Poster Presentation BacPath 13: Molecular Analysis of Bacterial Pathogens Conference 2015

Substrate recognition by the zinc metalloprotease effector NleC from enteropathogenic Escherichia coli (#110)

Cristina Giogha 1 , Tania Wong Fok Lung 1 , Sabrina Mühlen 1 , Jaclyn S. Pearson 1 , Elizabeth L. Hartland 1
  1. University of Melbourne at the Peter Doherty Institute for Infection and Immunity, Melbourne, VIC, Australia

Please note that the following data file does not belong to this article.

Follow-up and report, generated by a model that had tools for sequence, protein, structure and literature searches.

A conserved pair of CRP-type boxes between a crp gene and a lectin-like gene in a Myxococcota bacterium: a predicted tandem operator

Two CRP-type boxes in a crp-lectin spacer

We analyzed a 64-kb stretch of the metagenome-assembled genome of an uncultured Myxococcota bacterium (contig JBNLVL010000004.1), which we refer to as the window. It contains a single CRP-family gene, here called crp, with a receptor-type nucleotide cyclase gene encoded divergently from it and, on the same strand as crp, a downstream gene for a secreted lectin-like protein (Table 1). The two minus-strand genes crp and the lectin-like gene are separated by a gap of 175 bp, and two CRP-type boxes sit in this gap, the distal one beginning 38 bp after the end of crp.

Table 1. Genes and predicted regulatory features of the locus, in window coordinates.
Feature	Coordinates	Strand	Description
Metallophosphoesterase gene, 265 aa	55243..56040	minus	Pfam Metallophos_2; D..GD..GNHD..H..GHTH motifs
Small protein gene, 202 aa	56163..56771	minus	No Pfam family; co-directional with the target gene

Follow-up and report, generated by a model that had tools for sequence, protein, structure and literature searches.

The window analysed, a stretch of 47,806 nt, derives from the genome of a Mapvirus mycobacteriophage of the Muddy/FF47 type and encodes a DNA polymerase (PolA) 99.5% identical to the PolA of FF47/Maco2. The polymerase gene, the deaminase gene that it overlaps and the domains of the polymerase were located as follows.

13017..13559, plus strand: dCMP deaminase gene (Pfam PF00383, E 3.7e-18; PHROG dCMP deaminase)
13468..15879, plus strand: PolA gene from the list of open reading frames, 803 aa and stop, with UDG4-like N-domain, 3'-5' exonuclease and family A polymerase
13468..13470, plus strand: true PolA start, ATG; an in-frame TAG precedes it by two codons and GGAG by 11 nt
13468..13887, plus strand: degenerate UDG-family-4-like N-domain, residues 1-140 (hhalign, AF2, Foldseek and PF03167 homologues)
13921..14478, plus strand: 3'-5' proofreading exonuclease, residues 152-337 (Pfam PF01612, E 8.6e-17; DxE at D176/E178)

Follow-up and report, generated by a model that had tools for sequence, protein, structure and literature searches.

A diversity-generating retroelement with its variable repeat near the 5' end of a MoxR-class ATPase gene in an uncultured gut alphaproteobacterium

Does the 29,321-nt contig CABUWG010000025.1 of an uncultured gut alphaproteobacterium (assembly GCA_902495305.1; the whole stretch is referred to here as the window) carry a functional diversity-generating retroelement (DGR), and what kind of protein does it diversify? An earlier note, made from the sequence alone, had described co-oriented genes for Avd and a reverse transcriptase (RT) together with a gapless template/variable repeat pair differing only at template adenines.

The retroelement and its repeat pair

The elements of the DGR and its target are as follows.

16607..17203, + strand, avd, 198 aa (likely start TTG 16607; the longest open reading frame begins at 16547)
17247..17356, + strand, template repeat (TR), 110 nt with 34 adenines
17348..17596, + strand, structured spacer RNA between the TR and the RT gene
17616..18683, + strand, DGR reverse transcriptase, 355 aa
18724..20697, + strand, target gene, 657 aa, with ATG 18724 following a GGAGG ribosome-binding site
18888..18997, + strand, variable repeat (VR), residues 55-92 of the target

Enteropathogenic Escherichia coli (EPEC) utilises a type III secretion system (T3SS) to translocate effector proteins directly into enterocytes and subvert host cell signaling. Non-LEE encoded effector C (NleC) is one of a number of T3SS effectors which inhibit NF-κB signaling. The mechanism of action of NleC is unlike those of effectors such as NleE which inhibits NF-κB signaling upstream of NF-κB proteins. NleC acts directly on the NF-κB protein p65 by cleaving it and preventing inflammatory cytokine production to allow EPEC to persist within the host. Analysis of the amino acid sequence of NleC reveals it contains the zinc metalloprotease consensus motif HEXXH, and mutation of this motif abrogates NleC function. While the NleC cleavage site within p65 is well established, not much is known about how NleC recognizes its substrates. In this study we co-expressed truncations of p65 with NleC ectopically in HeLa cells to determine the minimal region of p65 required for cleavage by NleC. We determined that NleC cleaved both p65 and p50 within the conserved Rel homology domain (RHD) and that two motifs, E22IIE25 and P177VLS180, within the RHD of p65 were important for recognition and binding by NleC. Alanine substitution of one or both of these motifs protected p65 from binding and degradation by NleC. These motifs were also essential for p65 function and localisation, as upon their mutation, p65 formed puncate nuclear structures and localised to PML nuclear bodies, which are involved in stress responses and can be a site for p65 degradation. The PML nuclear body is extensively studied because of its involvement in tumour suppression, however there is debate over its precise role. The p65 mutants identified in this study could be useful for investigating the interaction of PML nuclear bodies with p65, which is not well understood.